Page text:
Soon, every company will need to factor in carbon as part of its decision-making process, according to our new Green Rush report. The survey results reveal that technology is central in the transition. Cognizant is involved in several interesting Norwegian projects, aimed at safeguarding fish health and reducing waste, among other things.
Cognizant, together with MindForce Research, surveyed 1,000 C-suite and VP-level business leaders across North America and Europe to learn more about what is behind the green transition. The results are published in the report Green Rush: The Economic Imperative for Sustainability.
What did we find at the core of this green rush? Rampant technology adoption as tech investments are the key to combating climate change. 77% of study respondents list environmental sensors and IoT as important or very important to meet their sustainability goals. The widespread deployment of such sensors could have valuable implications for traffic efficiency, wildfire response, and more. Smart grids and AI round off the top three technologies for green business, at 72% each.
“A core driver of this investment is companies wanting to gather more effective data on where they stand today and on how their existing sustainability initiatives are working,” says Shahid Skar, Country Manager for Cognizant Norway.
Here are two examples of ongoing projects with our Norwegian customers:
Sustainable fish farming: As Mowi made a conscious decision to improve its traditional operations, it meant steering away from a labor-intense business to a more knowledge-intense and connected one. The mission was driven by facts: aquatic food plays an important role in feeding the growing number of people (47.5 million additional tons will be required), but 90% of world fisheries are already fully or overfished. To scale up volumes, digitalization of the value chain is key and Mowi set up a vision to run the world’s most automated fish farms. Now, the heart is an operations center where the entire value chain is integrated, farms are remotely controlled in real-time, and decisions are infused by AI.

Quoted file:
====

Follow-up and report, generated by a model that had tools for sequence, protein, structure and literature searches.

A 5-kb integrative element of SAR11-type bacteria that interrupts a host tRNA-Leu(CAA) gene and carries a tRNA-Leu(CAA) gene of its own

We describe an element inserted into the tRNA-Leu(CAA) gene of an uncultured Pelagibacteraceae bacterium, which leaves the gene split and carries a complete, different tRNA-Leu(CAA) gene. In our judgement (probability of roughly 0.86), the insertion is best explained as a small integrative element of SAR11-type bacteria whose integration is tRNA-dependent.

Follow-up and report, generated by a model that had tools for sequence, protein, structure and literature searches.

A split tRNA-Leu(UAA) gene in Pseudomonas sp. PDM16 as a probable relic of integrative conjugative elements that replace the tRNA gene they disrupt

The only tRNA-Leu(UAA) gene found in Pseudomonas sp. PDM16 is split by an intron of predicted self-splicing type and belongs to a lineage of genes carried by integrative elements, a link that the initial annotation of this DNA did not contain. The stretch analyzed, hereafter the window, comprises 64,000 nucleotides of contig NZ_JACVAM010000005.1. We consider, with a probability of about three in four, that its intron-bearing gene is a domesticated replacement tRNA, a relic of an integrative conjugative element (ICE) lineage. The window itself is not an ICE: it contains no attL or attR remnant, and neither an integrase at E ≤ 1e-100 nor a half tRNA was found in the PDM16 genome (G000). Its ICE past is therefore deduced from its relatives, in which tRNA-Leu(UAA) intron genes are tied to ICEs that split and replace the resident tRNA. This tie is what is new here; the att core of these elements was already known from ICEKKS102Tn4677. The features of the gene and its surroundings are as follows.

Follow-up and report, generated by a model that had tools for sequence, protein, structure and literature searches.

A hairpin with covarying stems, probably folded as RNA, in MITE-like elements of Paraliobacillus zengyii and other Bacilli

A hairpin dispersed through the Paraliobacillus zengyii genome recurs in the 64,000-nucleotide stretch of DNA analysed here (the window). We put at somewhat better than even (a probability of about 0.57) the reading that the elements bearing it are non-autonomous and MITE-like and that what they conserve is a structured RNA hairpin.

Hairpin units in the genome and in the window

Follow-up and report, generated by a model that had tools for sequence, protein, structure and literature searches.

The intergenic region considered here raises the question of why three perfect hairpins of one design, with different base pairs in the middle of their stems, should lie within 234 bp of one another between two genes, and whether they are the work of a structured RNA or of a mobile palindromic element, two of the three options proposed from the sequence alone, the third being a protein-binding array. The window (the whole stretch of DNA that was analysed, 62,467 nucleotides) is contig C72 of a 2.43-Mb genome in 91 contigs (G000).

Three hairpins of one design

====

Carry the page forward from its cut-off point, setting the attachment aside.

Connected factories improve quality: Consumer goods company Orkla offers strong local brands in the Nordics but is also a global player. The company has implemented a business-driven, step-by-step approach for accelerating digital initiatives across its 108 factories. With clearly defined business goals, such as reducing waste, improving the quality of products, and overall equipment efficiency (OEE), the team is creating a common solution portfolio to be reused across the organization.
As sustainability and carbon-cuts will be one of the standard components in decision-making, it will increasingly also become part of the job description. According to Gartner, 75% of the 500 largest tech companies in the world plan to use decarbonization targets to measure product leaders’ job performance. As businesses and its employees set their sustainability agenda for the next ten years, they surely need to take a significantly different approach than they have in the last 50.
Learn more in the report Green Rush: The Economic Imperative for Sustainability.